Posts Tagged ‘architecture’

Architectural Interiors

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This past fall, I had the privilege of doing a project for Joe Bruno of Darien Woodworking. Joe designs and builds beautiful custom-made cabinetry and millwork. We photographed some of his creations in four gorgeous houses in Fairfield County, for Joe’s website and marketing materials.

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I’ve done some architectural photography, but I leaned heavily for advice on my good friend, Will Austin, a Seattle-based photographer who specializes in architectural photography. Thanks so much for your invaluable help, Will!

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Shooting architecture is hard! You want to be sure your vertical lines are – vertical. Then there are all the usual issues of composition, exposure, perspective and color balance. The goal was to represent Joe’s work in the best possible “light.”  I was assisted in the shoot by Joe’s wife, Gretchen, a partner at 341 Studios, who helped with styling the images, providing another creative eye, holding lights and a host of other things. Many thanks, Gretchen!

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These homes are lived in. This added a bit of stress – we obviously wanted to be careful not to disturb (or – gulp – break!) any of the possessions as we moved around with light stands, tripods, etc.  Also, we wanted to work fairly quickly so we didn’t impose too much on the homeowners’ time. But everyone was truly gracious, accommodating and friendly.

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I learned a lot on these shoots and look forward to doing more architectural work. Thanks, Joe, for the opportunity. I hope the images will help you land a lot of new work in 2014 and beyond!

Working both in the studio and on location, photographer Blake Robinson serves the Connecticut communities of Darien, New Canaan, Stamford, Norwalk, Westport and Greenwich.

“Individual, Indelible, Iconic Images”

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Philip Johnson’s Glass House – in the Rain

 

It was a cold, rainy, gloomy day. Surely the program would be cancelled. But no, we went ahead; I’m glad we did.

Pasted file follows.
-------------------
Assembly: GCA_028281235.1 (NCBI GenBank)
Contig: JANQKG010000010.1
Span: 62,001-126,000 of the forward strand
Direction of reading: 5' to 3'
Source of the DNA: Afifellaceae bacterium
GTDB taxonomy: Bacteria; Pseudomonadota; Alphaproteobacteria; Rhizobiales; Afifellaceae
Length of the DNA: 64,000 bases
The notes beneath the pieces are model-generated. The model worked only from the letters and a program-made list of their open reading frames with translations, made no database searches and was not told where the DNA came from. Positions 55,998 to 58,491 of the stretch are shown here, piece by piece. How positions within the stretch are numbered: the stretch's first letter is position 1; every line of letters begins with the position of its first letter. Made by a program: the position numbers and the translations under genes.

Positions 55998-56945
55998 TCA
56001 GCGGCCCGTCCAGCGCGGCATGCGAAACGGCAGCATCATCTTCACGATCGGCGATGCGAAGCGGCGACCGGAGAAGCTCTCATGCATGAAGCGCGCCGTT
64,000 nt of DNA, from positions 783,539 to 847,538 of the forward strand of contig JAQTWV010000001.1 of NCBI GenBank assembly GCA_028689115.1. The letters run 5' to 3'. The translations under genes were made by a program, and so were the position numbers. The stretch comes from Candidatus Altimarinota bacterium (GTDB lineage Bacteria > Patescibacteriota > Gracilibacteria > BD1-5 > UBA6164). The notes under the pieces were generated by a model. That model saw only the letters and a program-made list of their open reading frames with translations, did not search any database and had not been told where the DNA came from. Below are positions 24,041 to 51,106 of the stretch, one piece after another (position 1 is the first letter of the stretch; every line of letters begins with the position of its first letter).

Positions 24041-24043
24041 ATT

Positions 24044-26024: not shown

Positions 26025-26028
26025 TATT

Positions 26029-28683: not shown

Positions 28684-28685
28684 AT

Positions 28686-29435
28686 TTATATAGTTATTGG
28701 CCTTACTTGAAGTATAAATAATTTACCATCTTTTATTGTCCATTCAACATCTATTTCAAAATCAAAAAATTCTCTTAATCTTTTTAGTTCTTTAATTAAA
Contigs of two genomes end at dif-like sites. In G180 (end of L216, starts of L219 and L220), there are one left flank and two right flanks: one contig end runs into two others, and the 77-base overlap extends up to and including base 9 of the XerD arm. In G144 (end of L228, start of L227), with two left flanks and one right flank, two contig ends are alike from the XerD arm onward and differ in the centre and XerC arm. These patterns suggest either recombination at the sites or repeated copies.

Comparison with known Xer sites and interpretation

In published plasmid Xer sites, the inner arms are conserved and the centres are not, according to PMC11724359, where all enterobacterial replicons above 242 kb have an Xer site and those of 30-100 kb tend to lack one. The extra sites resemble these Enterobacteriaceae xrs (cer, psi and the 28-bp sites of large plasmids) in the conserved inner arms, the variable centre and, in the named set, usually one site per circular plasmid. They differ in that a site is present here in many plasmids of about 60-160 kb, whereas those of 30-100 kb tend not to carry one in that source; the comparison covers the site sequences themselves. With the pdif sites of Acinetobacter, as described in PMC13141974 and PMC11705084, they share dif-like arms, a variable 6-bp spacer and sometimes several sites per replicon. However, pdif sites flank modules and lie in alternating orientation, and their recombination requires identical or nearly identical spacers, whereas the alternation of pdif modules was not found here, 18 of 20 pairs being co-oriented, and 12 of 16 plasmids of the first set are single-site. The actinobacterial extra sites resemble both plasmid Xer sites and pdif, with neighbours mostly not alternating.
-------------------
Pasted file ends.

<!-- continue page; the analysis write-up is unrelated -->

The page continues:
Philip Johnson’s Glass House, in New Canaan, CT, is an icon of modern architecture. I’d visited and photographed it several times before. On Wednesday, we photographed it in less than ideal conditions. The Glass House runs occasional “En Plein Air” days, for artists to come and paint, photograph or even write poetry on the beautiful grounds. This time, it was just my photographer friend, Sally, two guides, and me.

One of my photography mentors gave me very good advice some years ago. If you wait for perfect conditions – the right subject, the right weather, the right time of day, etc. – you’ll miss a lot of terrific shooting opportunities. Instead, he said, take in what is in front of you right now. Be receptive to the idea that a great photograph can be made of a “dull” subject or on a dull day. At The Glass House this week, I stood under my umbrella and just studied the house and the landscape. Slowly, I became aware of the beautiful muted colors and imagined Mr. Johnson sitting in his house on such a day looking out at the same views I was seeing.

I liked the image below because the two women were framed by the two willow tress beyond.

 In this image, Sally checks her camera settings – and provides a sense of scale for the house.

Aside from the Glass House, there are several other buildings on the site that Johnson designed, including this one, which has no straight lines in it.

Last Fall, I photographed The Glass House in very different weather. See some of those images here. Do I like shooting on a clear day? Sure. But I cherish the opportunity to take pictures in any kind of weather. Here’s one of the images from last Fall. As always, your questions or comments are welcome.

 

Working both in the studio and on location, photographer Blake Robinson serves the Connecticut communities of Darien, New Canaan, Stamford, Norwalk, Westport and Greenwich.

 

pictures from in and around Santa Fe

I’ve just finished a week in Santa Fe, New Mexico, on a terrific workshop with Marti Jeffers.  Tonight we’ll post a few images I took during the week. The picture above was taken near Georgia O’Keeffe’s Ghost Ranch. Although I used a polarizing filter to punch up the color of the sky, it really was a rich blue. The light in this area is amazing and one can see how O’Keeffe chose this as a place to live and paint.

This is an abandoned building near Taos. It has apparently been for sale for many years. I have to be honest and say there was only one bird in the picture – I added a second one in Photoshop.

This was the exterior of a fancy hotel in Santa Fe. The luminaries are common throughout Santa Fe, as are, of course, adobe structures. For this image, I used a wide-angle lens and positioned the camera just a few inches away from the big luminary.

The sunsets in Northern New Mexico are fabulous. It may be the altitude and the dry air. This shot was taken on a hill overlooking Santa Fe. I haven’t shot many sunsets and vow to do more. You have to work fast, as the light changes very quickly.

And finally, below, taken back at The Ghost Ranch, is an image that includes a silhouette of your humble servant. As always, thanks for reading my blog posts!

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